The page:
SLU news

More than moss: New research to uncover forests unknown nitrogen fixers

Published: 16 November 2023
Portrait of Stefan Hupperts in the forest picking mushrooms

SLU research project gets funding to fill knowledge gap about one of the boreal forest's most crucial nutrients.

Forests rely on nitrogen for growth. However, in the cold, boreal forests, the availability is often so low that nitrogen becomes a limiting factor in the trees' growth potential. Organisms like mosses are crucial in forest landscapes for this reason, as they can capture and fix nitrogen to the ecosystem. Researchers have long considered mosses as a key contributor to nitrogen in the boreal forest. However, they seem to be only a part of the puzzle.

Stefan Hupperts, a postdoctoral researcher at the Department of Forest Ecology and Management, participated in a 2021 study that found that modeled predictions of boreal nitrogen fixation under climate change often differ from experimental measurements. In a recent estimation the mosses' contribution to total nitrogen input is smaller than previously thought, especially in younger forests.

– This means that a significant amount of nitrogen is added to the ecosystem somehow, but we don't yet know how, says Stefan Hupperts.

Two-thirds of nitrogen without known cause

The majority of the forest's nitrogen supply comes from other, still unknown, mechanisms. It is in the pursuit of this nitrogen's origin that Stefan Hupperts now has received four million SEK in funding from Swedish state research council Formas.

– About 66 percent of nitrogen is unexplained. Mosses account for less than the remaining 34 percent because nitrogen can also come from deposition, says Stefan Hupperts.

But there is a prime suspect in the mystery of the missing nitrogen source. In areas dominated by birch or other deciduous trees, the data show that nitrogen accumulates much faster, according to Stefan Hupperts. Therefore, activity will be measured in, among other things, birch roots and in decomposing leaf litter. The project includes investigations in forests outside Arvidsjaur and Jokkmokk, measurements in a controlled greenhouse environment, but also comparative studies in other countries.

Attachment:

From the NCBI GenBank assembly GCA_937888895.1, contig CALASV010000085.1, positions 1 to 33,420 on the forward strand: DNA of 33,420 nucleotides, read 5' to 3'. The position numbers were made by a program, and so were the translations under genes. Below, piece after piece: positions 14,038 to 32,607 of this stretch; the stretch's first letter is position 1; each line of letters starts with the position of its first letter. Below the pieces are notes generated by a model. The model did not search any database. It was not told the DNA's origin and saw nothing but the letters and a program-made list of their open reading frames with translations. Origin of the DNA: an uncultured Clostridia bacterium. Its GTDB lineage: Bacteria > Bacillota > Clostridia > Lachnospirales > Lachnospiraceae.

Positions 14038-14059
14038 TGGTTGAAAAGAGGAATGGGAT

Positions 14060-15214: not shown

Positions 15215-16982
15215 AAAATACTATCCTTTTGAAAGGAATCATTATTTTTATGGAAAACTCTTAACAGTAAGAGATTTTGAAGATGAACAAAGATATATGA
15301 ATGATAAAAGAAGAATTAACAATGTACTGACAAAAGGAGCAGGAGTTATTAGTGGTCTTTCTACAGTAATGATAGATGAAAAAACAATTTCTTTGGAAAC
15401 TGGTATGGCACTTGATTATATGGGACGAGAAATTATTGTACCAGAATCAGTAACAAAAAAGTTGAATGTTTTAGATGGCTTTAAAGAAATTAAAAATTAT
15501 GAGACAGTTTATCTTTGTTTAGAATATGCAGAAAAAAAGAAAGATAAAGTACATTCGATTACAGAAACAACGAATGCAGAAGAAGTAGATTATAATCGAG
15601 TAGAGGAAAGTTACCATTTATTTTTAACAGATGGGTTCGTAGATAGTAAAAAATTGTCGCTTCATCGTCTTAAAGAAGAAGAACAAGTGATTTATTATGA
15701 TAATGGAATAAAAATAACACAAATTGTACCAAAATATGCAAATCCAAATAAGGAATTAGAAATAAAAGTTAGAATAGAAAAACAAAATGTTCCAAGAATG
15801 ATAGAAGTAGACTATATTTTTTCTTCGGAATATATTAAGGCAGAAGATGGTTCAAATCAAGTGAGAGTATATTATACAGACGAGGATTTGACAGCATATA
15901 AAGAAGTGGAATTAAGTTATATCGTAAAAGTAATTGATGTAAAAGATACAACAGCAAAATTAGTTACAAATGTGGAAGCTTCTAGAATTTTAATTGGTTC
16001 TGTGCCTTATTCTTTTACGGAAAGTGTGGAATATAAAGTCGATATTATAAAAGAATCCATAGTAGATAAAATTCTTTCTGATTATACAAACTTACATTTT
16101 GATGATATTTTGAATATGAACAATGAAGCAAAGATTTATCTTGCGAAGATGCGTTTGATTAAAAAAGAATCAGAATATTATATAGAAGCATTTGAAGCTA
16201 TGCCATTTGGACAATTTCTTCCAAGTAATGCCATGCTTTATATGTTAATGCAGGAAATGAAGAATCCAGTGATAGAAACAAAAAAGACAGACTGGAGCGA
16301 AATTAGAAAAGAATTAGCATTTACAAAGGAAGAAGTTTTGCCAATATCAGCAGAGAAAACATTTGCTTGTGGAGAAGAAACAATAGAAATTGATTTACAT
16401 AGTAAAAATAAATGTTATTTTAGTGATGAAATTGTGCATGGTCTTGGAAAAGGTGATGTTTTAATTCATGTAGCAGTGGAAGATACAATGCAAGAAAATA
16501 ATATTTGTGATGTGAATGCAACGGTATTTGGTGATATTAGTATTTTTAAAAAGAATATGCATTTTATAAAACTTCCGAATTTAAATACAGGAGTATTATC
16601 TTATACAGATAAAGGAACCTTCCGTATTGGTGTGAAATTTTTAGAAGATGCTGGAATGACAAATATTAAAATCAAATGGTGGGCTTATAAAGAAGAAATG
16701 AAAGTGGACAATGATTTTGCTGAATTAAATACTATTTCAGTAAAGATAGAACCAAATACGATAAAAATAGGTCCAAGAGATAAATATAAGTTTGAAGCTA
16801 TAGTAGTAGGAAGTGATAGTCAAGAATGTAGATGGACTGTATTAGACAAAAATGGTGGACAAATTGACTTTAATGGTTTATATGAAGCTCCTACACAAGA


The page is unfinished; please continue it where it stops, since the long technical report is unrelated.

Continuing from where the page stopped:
– We have collaborators in Finland and Alaska who will do a similar thing to see if the trends we find in Sweden is generalizable in other boreal forests. This funding will help us actually go and do this sampling and tests. I am super excited and it will hopefully answer some really important questions of boreal forest ecology, Stefan Hupperts says.

Can help answer questions on climate impact

Finding the answer to the boreal forests' most important nitrogen sources could help forestry in its strategies, says Stefan Hupperts. But the research can also provide an indication of how a warmer climate affects the key players in providing the forest with the sought after nitrogen.

If climate change affects mosses, you could predict how nitrogen fixation is also affected. Understanding how nitrogen gets into the ecosystem is really important for being able to predict forest productivity with increased temperatures, says Stefan Hupperts.

About Formas:

In total, 630 MSEK was granted across 189 research projects through Formas' open call of 2023. 1 259 applications were assessed and 15 percent of them were approved. 

Totalt fördelades 630 miljoner kronor till 189 projekt i Formas öppna utlysning för år 2023. 1 259 ansökningar granskades och 15 procent av dem beviljades. 

Read about the other approved applications in Formas open call.


Hupperts SF, Gerber S, Nilsson M-C, Gundale MJ (2021) Empirical and Earth system model estimates of boreal nitrogen fixation often differ: A pathway toward reconciliation. Global Change Biology. doi: 10.1111/gcb.15836.